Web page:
Rock legend and superstar Prince was a worldwide celebrity, and his untimely death is truly tragic. Yet for all his wealth and fame, it appears he may not have had an estate plan in place, dictating how he wanted his millions passed on after he died. And he is not alone. Many individuals in Kansas City, young and old, do not have an estate plan. Prince’s death, however tragic, highlights the need to create an estate plan, no matter what your wealth.

It is never too late to create an estate plan. Let’s examine some documents individuals may want to include in their estate plan.

When a person thinks of an estate plan, the first thing that may come to mind is a will. A will is basically a legal statement of who you want to take care of your estate after you die and how you want your assets passed down. If a person has minor children, a will can name who will take care of the children should both parents die.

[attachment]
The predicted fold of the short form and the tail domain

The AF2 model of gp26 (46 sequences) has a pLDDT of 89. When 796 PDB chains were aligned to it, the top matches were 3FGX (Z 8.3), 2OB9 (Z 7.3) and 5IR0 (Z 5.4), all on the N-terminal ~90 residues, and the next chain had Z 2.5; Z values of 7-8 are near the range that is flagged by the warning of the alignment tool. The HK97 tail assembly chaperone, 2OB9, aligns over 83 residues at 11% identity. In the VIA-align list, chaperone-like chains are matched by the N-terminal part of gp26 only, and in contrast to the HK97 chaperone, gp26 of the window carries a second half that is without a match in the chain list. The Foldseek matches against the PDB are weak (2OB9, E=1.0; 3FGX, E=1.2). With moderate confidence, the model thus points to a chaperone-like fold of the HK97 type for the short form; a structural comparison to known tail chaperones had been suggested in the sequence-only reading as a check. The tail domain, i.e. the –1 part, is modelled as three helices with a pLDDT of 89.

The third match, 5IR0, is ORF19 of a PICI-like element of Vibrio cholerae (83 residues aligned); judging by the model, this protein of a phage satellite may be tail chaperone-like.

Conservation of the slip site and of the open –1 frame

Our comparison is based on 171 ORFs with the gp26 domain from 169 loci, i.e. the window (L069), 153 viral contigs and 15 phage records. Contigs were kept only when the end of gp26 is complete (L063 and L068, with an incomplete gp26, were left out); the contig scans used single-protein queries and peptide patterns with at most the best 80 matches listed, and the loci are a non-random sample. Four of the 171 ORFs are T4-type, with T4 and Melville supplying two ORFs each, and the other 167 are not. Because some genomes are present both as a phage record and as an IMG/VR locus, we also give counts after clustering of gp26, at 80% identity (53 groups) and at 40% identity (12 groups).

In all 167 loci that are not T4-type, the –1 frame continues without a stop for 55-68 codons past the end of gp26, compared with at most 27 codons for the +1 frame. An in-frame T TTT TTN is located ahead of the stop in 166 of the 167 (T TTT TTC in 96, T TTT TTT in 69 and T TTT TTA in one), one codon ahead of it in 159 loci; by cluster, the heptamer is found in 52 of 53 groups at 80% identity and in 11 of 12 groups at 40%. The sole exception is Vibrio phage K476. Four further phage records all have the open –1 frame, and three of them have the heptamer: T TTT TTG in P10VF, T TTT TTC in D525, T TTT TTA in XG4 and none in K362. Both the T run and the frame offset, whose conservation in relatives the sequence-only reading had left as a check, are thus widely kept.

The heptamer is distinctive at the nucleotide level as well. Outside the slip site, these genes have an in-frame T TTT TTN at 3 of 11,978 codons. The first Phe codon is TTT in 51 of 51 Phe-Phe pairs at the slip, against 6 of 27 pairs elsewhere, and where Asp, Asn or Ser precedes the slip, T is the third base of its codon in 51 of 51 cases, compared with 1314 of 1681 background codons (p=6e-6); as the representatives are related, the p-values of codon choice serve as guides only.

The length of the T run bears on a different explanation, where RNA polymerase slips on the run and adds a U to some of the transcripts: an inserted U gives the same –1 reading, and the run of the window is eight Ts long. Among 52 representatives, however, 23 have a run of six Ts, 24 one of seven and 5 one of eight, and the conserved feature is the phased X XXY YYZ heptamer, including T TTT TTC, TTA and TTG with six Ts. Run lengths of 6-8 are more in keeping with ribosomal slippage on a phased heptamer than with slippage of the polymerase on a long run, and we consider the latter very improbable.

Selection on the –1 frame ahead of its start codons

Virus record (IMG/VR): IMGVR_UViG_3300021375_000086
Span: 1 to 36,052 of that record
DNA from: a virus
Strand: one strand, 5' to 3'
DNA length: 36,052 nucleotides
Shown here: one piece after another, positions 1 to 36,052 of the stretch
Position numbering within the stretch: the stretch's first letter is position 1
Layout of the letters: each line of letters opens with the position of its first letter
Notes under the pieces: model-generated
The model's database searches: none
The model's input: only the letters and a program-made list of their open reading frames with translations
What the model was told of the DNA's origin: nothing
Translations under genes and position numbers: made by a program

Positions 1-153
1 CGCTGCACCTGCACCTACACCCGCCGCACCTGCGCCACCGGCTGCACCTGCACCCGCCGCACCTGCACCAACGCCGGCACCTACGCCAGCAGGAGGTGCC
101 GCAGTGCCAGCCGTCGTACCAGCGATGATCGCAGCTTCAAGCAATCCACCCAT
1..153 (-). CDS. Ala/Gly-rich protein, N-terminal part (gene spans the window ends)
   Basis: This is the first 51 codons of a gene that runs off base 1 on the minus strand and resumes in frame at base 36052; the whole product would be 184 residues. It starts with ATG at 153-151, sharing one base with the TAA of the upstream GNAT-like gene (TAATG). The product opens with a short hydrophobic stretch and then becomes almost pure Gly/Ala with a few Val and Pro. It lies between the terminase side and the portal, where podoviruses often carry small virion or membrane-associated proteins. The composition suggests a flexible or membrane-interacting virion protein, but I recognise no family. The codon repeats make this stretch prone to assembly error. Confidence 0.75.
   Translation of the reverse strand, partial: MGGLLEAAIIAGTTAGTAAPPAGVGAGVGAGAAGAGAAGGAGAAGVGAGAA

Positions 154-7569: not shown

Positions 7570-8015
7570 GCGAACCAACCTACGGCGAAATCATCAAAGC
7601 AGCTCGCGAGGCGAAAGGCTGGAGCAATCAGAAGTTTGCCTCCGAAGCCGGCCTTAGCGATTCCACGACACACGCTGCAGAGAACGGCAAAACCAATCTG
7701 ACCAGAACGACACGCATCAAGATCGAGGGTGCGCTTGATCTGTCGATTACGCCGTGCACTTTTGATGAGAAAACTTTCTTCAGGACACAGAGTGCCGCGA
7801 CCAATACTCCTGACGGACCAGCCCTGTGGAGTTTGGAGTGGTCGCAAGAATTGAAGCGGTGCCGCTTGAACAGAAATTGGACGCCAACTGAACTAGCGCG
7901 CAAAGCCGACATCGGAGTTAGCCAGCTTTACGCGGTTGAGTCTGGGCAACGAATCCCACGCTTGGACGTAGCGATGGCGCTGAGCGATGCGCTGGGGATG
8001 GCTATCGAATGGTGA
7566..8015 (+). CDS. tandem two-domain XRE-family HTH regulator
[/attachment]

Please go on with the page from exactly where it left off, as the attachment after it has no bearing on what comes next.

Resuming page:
Instead of a will, many people choose a trust as their primary estate planning tool. Trusts are typically more complex than wills, but they have a number of advantages, including avoidance of probate.

Some financial assets have beneficiaries named in the account documents. This includes certain types of retirement accounts and life insurance policies. Such beneficiary designations operate independently of what an individual may include in their will.

Finally, an estate plan should include a health care directive and a durable power of attorney. A health care directive can outline your wishes about what you want done medically if you can no longer communicate your wishes. A durable power of attorney appoints a trusted person to manage your affairs should you become incapacitated.

Creating an estate plan is not just for your own benefit, it is for the benefit of your loved ones, who will not be left second-guessing what you would have wanted. If you have more questions about how to create an estate plan, there are legal professionals available to assist you.

Source: money.usnews.com, “A Purple Rain Estate Plan,” Brian Preston and Bo Hanson, May 6, 2016

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